Crusty Demons Review


I sold my soul because the devil needed me to travel to New York to hold a 30 second ground trick. All part of his plan for Armageddon, I suppose. That’s basically the idea behind Crusty Demons. Your crew of hard living stunt riders dies during an ill-advised stunt attempt (are any stunts really that good of an idea?) and finds themselves in hell. In exchange for the return of their lives and souls they agree to do the devil’s work for a while.

While it may sound like an interesting set-up for a game, all it leads to is a game that amounts to a knock-off of the early Tony Hawk games. The game’s one unique element is that as one of the devil’s minions you are immortal yet still susceptible to pain and injury, so you’re encouraged to crash into things or launch yourself off of your bike and into the air. The game will then give you points based on a number of factors such as how many bones were broken and how much blood was lost. During the first half hour or so of gameplay it can be fun to watch your hapless rider go crashing through a pile of crates and bouncing down the road, breaking bones and losing blood the entire way. The novelty will wear off all too soon though as you’ll quickly grow tired of the long crash sequences and wish you could just stay on your bike. This is exacerbated by the fact that it is simply way too easy to crash in the game and you’ll find yourself being thrown from your seat more often than a baby riding in Brittney Spears’ car.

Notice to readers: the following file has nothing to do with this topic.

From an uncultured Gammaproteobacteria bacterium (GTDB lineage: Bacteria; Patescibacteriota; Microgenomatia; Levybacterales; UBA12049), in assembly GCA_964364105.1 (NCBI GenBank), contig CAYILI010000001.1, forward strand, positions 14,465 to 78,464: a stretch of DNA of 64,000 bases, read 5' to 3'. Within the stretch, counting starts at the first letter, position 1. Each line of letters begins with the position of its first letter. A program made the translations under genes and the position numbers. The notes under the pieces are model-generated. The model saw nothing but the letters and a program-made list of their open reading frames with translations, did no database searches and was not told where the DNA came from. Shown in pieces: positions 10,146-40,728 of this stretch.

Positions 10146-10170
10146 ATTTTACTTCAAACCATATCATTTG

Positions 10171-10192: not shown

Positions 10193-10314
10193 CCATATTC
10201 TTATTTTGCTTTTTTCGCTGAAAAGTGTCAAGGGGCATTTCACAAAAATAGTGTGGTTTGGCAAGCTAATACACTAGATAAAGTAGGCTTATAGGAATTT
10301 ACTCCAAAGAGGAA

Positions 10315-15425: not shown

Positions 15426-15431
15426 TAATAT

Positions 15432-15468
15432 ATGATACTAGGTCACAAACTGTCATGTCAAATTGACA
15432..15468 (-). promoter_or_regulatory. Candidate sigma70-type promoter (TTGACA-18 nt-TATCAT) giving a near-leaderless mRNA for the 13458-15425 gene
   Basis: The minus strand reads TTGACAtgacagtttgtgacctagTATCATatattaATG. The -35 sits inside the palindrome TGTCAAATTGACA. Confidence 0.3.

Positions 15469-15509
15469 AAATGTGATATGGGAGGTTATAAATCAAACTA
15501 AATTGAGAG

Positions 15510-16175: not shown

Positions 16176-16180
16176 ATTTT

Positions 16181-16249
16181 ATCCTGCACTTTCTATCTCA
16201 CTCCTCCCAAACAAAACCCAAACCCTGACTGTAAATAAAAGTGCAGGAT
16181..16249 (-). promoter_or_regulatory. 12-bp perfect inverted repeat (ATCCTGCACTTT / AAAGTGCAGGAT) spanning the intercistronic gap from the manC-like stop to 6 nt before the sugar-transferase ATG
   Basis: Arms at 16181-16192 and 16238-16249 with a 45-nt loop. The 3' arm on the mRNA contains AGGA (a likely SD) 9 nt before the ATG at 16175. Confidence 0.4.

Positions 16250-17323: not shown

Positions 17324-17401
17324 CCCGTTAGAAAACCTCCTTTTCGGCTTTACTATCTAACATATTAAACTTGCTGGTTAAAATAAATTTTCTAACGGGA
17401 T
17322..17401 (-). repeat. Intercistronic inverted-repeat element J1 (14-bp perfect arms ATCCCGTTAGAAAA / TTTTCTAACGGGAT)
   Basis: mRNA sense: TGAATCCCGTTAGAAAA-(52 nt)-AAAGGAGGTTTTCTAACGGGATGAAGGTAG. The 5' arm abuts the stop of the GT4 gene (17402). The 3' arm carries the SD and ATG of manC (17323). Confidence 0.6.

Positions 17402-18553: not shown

The game’s trick system relies heavily on air tricks and you’ll spend a lot of time launching your bike into the air and trying to string together multiple tricks before coming back down. Combos are vital to achieving good trick scores and are strung together by going into a wheelie between aerials. The tricks themselves are pretty standard for the genre but are harder to pull off than in most similar games. This is primarily due to the game’s controls which have an annoying tendency to be unresponsive (and even on occasion to be too responsive). Ground tricks are particularly frustrating to pull off as you’ll sometimes need to continually mash the trick button before the game will finally respond.

Even if the controls were flawless Crusty Demons probably wouldn’t be a standout game. The levels are on the small side and are unimaginative collections of ramps and half-pipes that just happen to be lying around locations such as New York City or Rio de Janeiro. Maybe the devil put them there. The missions are also painfully clichéd, with challenges that too often involve collecting items within a time limit, achieving a given score by using a particular trick, or collecting various icons strewn across the level. Yes, evil can be bland as well.

It’s hard to recommend this game to freestyle fans as they’ve already played it a hundred times before and with better tricks and controls. The controls are too frustrating to make the game recommendable to casual gamers or those looking to get into freestyle sports games, though. I guess we’ll just have to leave this one to the devil.

In The End, This Game Hath Been Rated: 54%. A unique storyline and bland, generic gameplay still make for a bland, generic game.